We don’t want to duplicate effort and also we don’t want to centralize effort. What should we do?
Treat the end-to-end test cases as a shared code base with joint ownership. Teams are free to add test cases along with shared ownership on the health of the test suite between services.
How long for an end-to-end test?
The slowness of end-to-end tests can be a major problem. Given that it can be flaky, it can be much more harmful as it delays the feedback. If the test breaks after a day or two, the developer will have to switch context and fix it.
Remove test cases /duplicate test cases that are no longer needed.
If test cases are slow and it takes longer to run, great ‘pile-up’ can happen. While someone is fixing the existing test cases, other features may come in adding to the queue. Hence, the build can remain broken for a longer time.
Consumer-driven test cases
Consumer-driven tests define and capture the expectations of a consumer on service.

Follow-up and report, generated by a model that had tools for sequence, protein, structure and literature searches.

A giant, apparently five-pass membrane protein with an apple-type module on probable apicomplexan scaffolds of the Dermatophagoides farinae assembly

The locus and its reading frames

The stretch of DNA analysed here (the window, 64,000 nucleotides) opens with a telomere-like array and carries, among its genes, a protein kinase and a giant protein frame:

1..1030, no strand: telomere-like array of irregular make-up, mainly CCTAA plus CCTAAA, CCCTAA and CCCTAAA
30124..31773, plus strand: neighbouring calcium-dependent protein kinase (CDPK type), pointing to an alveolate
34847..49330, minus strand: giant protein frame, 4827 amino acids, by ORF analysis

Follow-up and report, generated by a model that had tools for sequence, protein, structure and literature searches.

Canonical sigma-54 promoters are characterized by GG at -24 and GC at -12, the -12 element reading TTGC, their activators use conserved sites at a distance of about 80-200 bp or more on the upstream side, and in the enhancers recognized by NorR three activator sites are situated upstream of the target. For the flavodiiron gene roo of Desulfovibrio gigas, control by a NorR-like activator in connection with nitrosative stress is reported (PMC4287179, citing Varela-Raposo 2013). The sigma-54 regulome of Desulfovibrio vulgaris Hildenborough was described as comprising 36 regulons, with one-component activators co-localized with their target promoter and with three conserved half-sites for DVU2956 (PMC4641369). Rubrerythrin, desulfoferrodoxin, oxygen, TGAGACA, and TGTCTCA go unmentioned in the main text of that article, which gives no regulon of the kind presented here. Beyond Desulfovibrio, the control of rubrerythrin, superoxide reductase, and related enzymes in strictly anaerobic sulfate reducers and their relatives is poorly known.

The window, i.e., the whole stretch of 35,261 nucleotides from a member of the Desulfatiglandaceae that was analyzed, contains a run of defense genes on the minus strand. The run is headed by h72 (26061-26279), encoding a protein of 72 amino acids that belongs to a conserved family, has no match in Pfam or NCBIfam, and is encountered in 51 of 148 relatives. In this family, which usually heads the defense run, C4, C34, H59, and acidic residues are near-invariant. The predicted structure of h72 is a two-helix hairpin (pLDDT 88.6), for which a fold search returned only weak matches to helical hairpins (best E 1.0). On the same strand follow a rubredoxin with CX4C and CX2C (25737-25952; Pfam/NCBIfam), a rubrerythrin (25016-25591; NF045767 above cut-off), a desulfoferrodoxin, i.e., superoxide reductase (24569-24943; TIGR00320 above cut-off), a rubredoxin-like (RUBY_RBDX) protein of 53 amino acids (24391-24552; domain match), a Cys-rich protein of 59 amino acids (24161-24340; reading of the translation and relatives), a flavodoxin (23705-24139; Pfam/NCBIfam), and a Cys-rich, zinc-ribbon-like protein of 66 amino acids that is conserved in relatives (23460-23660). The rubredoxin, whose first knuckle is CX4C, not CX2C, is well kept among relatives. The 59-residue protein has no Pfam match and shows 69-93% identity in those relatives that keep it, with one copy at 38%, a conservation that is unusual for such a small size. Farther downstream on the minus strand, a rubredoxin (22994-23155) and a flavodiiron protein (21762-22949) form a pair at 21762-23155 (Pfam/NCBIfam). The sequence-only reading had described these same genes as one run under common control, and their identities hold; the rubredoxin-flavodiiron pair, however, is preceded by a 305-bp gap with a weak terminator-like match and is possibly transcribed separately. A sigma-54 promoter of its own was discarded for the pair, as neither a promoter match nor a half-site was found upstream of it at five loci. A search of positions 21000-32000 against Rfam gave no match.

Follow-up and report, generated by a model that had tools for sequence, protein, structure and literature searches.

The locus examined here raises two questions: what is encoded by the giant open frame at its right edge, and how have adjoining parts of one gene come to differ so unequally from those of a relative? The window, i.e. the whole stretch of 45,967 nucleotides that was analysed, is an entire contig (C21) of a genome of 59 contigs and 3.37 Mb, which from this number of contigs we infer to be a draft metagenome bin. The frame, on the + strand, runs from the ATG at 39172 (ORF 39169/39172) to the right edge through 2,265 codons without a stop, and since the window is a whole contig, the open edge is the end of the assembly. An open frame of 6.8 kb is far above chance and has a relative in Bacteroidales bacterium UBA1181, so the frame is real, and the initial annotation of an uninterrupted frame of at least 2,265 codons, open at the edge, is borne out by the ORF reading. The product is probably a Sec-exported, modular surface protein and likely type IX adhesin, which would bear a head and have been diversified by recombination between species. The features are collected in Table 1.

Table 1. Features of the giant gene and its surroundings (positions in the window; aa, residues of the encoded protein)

We should run these tests as CI pipeline and it should not break any contract.
If a service has two consumers, two tests must be created matching the expectations of both the consumers individually. Both the teams must sit together to collaborate and write the test cases.
Consumer-driven test cases are at the same level as service tests but have a different focus. If the test breaks, we get to know which consumer’s contract has broken. Accordingly, we can fix it or starts discussing the problem. These tests are faster and can replace end-to-end tests.
So should we use the end-to-end test?